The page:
What Sagarin and his team found was consistent with the transient hypofrontality hypothesis. Bottoms and tops performed well on the stroop test before the scene, as expected. But after the scene was done, some tops actually performed better, while most bottoms got substantially worse. This, he explains, is indirect evidence of subspace. “We’ve also done some research where we ask people to describe this type of altered state and we do get these descriptions of a kind of dreamy, floaty, pleasurable feeling,” Sagarin says. “People lose the distinction between themselves and their partner, between themselves and the universe. This is what we think subspace is — that people’s executive function capabilities get temporarily reduced and one of the pleasurable side effects of that is the altered state that people find themselves in.”

While some may prefer a more traditional route to this state of consciousness, like by running a marathon or hot yoga, the fact still stands that altered states of consciousness can actually be incredibly beneficial in the long run. According to Science Focus magazine, some of the long-term effects of this headspace include “a renewed sense of wonder,” a greater openness to new experiences and better connectedness with nature and other people. And, as an article in the Journal of Positive Sexuality found, those who access this subspace through kink can also benefit from a “reduction of physical and psychological stress” and a “feeling of heightened intimacy between partners.”

Topspace, on the other hand, is an entirely different animal. Rather than coaxing practitioners into a state of dreamlike bliss or a sort of melting, mediative dissociation, the altered state Dominants or tops experience is characterized by intense focus, presence and attentiveness; feelings that are often described as being “in the zone” or “firing on all cylinders.” As I mentioned earlier, in contrast to subspace, topspace can actually enhance cognition, so much so that many tops actually did better on Sagarin’s stroop tests after their scenes than before them. That’s probably a good thing, he notes — tops need technical acuity, focus and heightened attention to their sub’s body language and needs in order to use their tools and toys safely. 

Goddess Sydney is a professional Dominatrix based in San Diego who works mostly with men to “help them understand the art of female dominance,” and how worshipping women can “bring joy and pleasure to their lives.” She does this through methods like corporal punishment, role play and psychological manipulation, all of which fall under the umbrella of consensual power exchange. “They want their power taken away,” she says. “They don’t want to think, they don’t want to make a choice; they want to be objectified or dehumanized. I do a lot of ‘ego destruction,’ as I call it. I like to knock people off their high horse. Most of my clientele are lawyers, doctors, judges, military police — very highly masculine, dominant roles where they’re required to make decisions all day, every day. So they want some release from the tough decisions they’ve had to make. That’s when other things are employed to allow some sort of psychosomatic release to happen.”

And how does initiating that release make her feel? Goddess Sydney explains the feeling of topspace as almost godlike — not necessarily thinking you’re the most divine thing in the world, but a sense of completeness, of being totally seen and understood. With the consent to take over someone’s will, there’s also a sense of being “absolute,” and a rush of focus-enhancing dopamine that accompanies it. 

“As a woman, oftentimes everything you do is questioned or belittled or not taken seriously,” she explains. “But as a dom, when I’m in topspace, everything I say goes. It’s not questioned; it’s not laughed at. It’s very clear that I’m in power, that what I want is going to happen. I feel like things are flowing as they should, and that’s kind of what I see. I really do see, in my third eye, a flow of energy coming out of me into the sub, and coming back, like they’re feeding off of what I’m giving to them. I feel, at that point, like I’m nutrition for them.”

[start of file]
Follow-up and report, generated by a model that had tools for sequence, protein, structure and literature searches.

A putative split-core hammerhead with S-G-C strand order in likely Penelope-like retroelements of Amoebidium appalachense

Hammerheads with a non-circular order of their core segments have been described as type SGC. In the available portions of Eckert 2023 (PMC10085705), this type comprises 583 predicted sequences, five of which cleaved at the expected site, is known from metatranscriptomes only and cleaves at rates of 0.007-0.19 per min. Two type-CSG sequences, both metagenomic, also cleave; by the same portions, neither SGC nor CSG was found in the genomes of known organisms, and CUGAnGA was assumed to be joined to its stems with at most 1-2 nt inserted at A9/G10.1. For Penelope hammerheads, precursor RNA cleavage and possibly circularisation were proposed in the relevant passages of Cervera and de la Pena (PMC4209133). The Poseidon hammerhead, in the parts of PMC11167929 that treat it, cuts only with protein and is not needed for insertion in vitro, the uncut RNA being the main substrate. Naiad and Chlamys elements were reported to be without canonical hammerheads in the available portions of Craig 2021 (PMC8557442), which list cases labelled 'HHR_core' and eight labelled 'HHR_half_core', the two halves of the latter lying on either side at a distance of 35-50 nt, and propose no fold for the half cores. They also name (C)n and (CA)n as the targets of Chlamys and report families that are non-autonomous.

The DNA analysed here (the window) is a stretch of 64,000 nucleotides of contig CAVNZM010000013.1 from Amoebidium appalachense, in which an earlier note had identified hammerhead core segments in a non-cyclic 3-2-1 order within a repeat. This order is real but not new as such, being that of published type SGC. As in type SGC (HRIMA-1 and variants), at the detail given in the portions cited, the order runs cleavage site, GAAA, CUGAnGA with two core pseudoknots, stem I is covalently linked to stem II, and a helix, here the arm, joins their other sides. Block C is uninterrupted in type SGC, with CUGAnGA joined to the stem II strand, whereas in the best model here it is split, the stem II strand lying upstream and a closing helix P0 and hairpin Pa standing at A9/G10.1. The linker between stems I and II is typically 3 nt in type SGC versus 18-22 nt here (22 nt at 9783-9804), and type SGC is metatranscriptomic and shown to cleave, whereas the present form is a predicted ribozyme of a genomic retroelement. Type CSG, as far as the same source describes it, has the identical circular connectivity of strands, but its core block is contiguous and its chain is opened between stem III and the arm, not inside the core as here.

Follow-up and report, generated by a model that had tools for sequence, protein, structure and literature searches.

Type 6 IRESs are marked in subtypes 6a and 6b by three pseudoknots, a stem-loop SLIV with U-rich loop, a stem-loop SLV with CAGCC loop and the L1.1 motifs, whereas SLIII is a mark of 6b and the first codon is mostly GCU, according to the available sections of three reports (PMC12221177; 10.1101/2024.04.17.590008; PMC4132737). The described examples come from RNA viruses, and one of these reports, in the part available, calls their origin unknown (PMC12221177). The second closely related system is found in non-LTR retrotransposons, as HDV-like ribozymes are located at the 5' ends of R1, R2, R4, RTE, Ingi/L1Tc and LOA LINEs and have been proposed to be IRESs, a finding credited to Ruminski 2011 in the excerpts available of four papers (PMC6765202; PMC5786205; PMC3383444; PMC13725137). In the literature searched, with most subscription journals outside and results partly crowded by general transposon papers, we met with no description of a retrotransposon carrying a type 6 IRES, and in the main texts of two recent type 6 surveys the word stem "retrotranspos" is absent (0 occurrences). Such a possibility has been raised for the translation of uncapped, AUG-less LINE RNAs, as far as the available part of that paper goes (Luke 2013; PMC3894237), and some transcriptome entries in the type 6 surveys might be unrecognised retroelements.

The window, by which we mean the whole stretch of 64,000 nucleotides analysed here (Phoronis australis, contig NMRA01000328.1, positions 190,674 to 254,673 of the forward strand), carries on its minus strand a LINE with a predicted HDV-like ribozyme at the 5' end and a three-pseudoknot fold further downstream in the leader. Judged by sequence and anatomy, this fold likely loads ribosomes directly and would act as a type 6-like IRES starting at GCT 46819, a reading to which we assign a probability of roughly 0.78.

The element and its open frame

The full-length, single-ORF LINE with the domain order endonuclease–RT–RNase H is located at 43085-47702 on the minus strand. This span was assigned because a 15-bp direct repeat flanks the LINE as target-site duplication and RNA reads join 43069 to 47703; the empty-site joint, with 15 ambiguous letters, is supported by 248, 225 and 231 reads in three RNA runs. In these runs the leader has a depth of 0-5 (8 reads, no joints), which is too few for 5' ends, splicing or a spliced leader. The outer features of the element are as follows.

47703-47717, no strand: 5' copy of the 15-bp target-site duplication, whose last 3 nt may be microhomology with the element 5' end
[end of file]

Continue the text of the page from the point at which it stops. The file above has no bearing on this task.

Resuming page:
And just like there’s a scientific explanation for what subs feel during an intense scene, there’s also one for what tops like Goddess Sydney experience as well. It’s called “flow.” “‘Flow’ is an altered state that occurs when people are performing a task that’s challenging, or when they have the skills to beat that challenge,” explains Sagarin. “It’s like the rest of the world fades away and you’re completely focused on the task at hand. This has been looked at in professional athletes, musicians, computer programmers, all kinds of people.” Benefits of flow states can include a sense of clarity, increased concentration, happiness and a feeling of having no obstacles between you and your goals. 

Still, one question remains: Is there a single kinky activity that triggers these altered states more than others? 

Unfortunately, says Sagarin, there hasn’t been enough research done to show whether certain BDSM practices — such as impact play or sensory deprivation — get you into subspace or topspace faster than others. Instead, the deciding factor seems to be not which activity you’re doing, but what your personal feelings and preferences surrounding it are. 

For Ryan, subspace is activated by acts of submission like being “forced” to take off her panties in the bathroom in a restaurant and then handing them to her Dom, or being collared (a ritual that shows the dominant partner has ownership over the submissive partner for the duration the collar is on) and led on a leash. For others, myself included, it may be the the mix of an established power dynamic and the honorifics that come with it (so calling someone something like Goddess, Daddy, Mommy, Sir, etc.) as well as pain and impact play, like in a scene when I was a naughty schoolgirl who was getting 100 over-the-knee spanks as punishment. 

Topspace is just as personal for dominants as subspace is for bottoms. For Goddess Sydney, it’s the moment her submissives fall into subspace that she finds herself teetering on the edge of her own altered state. Classic BDSM protocols like having a submissive kneel in front of her, as well as certain humiliating activities like foot worship or using a submissive as human furniture, can also flip her switch from normal waking consciousness to topspace.

As for the science behind all of this, it’s safe to say that as kink becomes more mainstream, additional researchers will hear the perverted call to study its effects on the brain. Until then, we’ll have to figure it out for ourselves, by learning what turns us on, what hurts so good and what gets us feeling like we’re floating in a personal sea of divine deviance… Daddy.